The Bank of Vocabulary

Verbal advantage by Charles Harrington Elster is not a dictionary. According to the author, this book is NOT a dictionary. The word dictionary in the dictionary merely gives the meaning of a word. In the book verbal advantage, the Author wants the reader to implement high-quality words in daily life. Elster in the prologue gave points about modern English. Among those points, I concur with 2 main ones. 1. people using low-quality English in daily life. 2. the best way to improve your English vocabulary is through accumulation. (Reading, flash cards…)

One point that I totally agree with Elster is that, as a writer, it is painful to see normal people speaking catastrophic English. When I was in LA for summer school, I participated in a leadership event. I expected the competition to be intense. (Only the best gets to do a speech) Yet the end result turned out to insane. The native students did terrible in the elections. In their scripts, there are countless slang words like ok, cool, ain’t, ya’ll. According to what I know, those words are used in day to day conversations not speeches in front of hundreds of people. Just imagine a successful president saying those words during his/her election. (Successful President doesn’t = Donald Trump) To prevent grammar errors, Elster gave examples of the word and would tell the readers how to use it. There’s even a CD for more details. On page XIV, the author included the quote from William Raspberry.” English, well spoken and well written, will open more doors than a college degree…bad English will slam doors that you don’t even know exists.” This shows how Elster wants to let people speak fine English, using people’s “doors” as a consequence.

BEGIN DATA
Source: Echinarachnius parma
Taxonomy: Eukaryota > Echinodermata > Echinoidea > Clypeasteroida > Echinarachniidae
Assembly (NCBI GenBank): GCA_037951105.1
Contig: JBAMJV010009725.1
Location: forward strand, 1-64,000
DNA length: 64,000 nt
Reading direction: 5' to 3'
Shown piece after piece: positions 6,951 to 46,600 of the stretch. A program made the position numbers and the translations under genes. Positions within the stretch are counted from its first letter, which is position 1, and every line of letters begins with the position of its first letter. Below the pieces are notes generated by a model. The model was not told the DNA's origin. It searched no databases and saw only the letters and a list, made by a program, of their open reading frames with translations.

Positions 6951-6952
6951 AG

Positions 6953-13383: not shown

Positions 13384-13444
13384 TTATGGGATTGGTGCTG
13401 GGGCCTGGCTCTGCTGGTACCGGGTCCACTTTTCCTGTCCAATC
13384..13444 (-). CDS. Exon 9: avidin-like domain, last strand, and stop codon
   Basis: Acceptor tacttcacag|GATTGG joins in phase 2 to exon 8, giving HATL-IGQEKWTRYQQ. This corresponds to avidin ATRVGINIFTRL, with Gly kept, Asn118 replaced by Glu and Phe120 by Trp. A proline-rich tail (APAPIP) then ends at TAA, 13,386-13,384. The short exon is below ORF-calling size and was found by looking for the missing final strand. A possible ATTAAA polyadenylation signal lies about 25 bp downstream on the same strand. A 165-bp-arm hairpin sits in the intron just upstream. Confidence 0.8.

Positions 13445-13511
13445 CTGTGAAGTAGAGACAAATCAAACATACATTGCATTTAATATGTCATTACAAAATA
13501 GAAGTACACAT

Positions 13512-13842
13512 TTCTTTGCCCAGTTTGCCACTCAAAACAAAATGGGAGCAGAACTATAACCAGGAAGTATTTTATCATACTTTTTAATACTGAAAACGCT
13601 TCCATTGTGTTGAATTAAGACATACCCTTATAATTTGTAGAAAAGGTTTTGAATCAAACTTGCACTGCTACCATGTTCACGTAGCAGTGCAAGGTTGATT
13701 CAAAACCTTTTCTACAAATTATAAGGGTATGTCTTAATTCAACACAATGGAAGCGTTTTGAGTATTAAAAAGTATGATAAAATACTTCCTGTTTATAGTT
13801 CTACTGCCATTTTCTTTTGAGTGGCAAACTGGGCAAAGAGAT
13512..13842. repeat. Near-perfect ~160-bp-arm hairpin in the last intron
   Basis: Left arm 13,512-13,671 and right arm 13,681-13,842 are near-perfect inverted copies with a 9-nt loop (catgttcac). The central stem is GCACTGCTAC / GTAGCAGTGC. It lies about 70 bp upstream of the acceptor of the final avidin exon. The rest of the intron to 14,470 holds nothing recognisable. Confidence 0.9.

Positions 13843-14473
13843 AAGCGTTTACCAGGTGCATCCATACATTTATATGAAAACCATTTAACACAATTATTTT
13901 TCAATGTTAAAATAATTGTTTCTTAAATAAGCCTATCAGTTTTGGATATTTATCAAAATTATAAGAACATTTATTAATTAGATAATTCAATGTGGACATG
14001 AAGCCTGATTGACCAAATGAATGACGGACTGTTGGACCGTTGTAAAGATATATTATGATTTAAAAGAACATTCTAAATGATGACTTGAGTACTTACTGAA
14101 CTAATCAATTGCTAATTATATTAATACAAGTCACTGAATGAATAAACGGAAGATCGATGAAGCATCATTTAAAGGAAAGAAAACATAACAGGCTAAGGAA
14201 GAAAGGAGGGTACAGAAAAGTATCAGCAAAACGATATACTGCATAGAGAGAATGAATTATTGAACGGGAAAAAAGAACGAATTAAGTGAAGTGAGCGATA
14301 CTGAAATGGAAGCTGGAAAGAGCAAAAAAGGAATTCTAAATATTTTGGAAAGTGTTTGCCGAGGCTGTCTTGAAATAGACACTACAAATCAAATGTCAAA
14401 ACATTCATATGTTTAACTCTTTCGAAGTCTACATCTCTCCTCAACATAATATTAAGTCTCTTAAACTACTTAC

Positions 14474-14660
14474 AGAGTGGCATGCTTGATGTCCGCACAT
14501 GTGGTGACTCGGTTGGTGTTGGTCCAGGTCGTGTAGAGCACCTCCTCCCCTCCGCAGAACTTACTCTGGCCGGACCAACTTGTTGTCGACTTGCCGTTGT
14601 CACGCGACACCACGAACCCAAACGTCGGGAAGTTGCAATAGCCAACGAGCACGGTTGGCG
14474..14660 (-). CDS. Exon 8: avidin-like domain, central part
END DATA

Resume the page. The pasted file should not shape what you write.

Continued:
As a foreign learner, I had a terrible start for English. What Elster said in the book, saying that accumulation is the key to vocabulary taught me a precious lesson. In page XIX, the author claimed that”Verbal advantage will boost your vocabulary and enhance your verbal skills, but remember that your verbal development did not start and would not end with it.” This reflects that verbal development is a life-long task and accumulation is key. Using myself as an example, while I was preparing for the SSAT, I memorized a shelf of verbal books. However, those short term verbal boosts did not impact much. Although my quality of words improved drastically, my utilization of the words is still of disaster. Countless grammar errors bug me and I’ll admit, I was lost with the language. However, this book gave me a pass. Now I read at least 30 min of English every day and, although still wrong sometimes, my vocabulary usage does not remain as an obstacle for communication.

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